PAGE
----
It appears vitamin D helps muscle function too . . . (The Guardian Newspaper)
It appears vitamin D helps muscle function too . . .
(another test post using material I posted here HER2Support.org )
Vitamin D deficiency puts elite ballet dancers at risk of injury
Researchers say vitamin supplements can help ward off injuries caused by long hours inside with little exposure to sunlight
Vitamin D deficiency caused by their intensive indoor training regime is putting elite ballet dancers at increased risk of injury, a study has found.
Researchers at the Royal National Orthopaedic hospital (RNOH), University of Wolverhampton and the Jerwood Centre at Birmingham Royal Ballet have urged trainers and medical professionals to consider providing dancers with vitamin D supplements during the winter after results showed it had a significant influence on improving muscle function and reducing injury occurrence.
Dr Roger Wolman, consultant in rheumatology and sport and exercise medicine at the RNOH, said: “We know vitamin D [deficiency] can affect the bones. What’s become clear … is vitamin D is also important for muscles.
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The research, published on Friday in the Journal of Science and Medicine in Sport, involved 24 dancers at the Birmingham Royal Ballet who dance between six and eight hours a day and a total of 38 hours a week, meaning they get little exposure to sunlight, the main natural source of vitamin D.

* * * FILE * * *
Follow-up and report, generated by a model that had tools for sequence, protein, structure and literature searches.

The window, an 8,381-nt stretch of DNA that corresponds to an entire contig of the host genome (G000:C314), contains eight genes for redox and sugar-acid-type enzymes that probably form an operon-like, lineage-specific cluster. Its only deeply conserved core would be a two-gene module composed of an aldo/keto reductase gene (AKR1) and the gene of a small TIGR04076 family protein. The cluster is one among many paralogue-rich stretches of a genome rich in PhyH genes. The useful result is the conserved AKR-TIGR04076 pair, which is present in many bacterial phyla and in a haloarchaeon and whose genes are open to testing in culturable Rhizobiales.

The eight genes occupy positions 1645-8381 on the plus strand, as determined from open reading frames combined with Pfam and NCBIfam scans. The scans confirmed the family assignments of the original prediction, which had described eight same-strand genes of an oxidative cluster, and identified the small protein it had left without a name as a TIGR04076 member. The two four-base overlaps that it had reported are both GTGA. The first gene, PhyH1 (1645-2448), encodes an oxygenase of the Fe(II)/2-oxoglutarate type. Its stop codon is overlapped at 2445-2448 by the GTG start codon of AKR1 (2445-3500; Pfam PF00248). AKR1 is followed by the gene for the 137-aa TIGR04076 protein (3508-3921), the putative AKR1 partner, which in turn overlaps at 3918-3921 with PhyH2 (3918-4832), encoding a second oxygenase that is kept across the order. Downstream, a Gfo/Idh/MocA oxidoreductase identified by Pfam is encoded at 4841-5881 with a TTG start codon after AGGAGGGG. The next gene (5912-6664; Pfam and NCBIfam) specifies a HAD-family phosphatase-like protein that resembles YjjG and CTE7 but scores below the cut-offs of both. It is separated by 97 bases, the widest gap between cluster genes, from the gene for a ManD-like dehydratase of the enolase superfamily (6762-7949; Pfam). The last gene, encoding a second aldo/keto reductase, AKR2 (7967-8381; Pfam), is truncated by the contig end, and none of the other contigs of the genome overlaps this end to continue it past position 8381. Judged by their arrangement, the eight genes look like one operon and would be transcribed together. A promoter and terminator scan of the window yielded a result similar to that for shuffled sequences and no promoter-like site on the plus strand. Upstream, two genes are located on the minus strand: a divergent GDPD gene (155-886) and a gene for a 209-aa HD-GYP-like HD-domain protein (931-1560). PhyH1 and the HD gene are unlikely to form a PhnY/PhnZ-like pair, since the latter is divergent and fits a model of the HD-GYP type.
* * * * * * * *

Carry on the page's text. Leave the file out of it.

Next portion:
Before any were given supplements, all were found to be vitamin D deficient or insufficient (not as severe but still low) during winter and only 15% achieved normal levels during the summer. Subsequently, 17 of the dancers were given oral vitamin D3 and seven were not. Significant increases in muscle strength and vertical jump performance were found among the group taking vitamin D. They also suffered fewer injuries, with 12 reporting no injuries and five a single injury, compared to those not given the supplements, only one of whom suffered no injuries with five reporting one injury and one dancer reporting two.
Although the group assessed was relatively small, Wolman said the results were “still convincing. With years of experience of working with dancers in England, we do see a high number of them come to the clinic with low vitamin D levels”. He said the findings could be extrapolated to cover other sports that take place indoors, although many involve at least some outdoor training.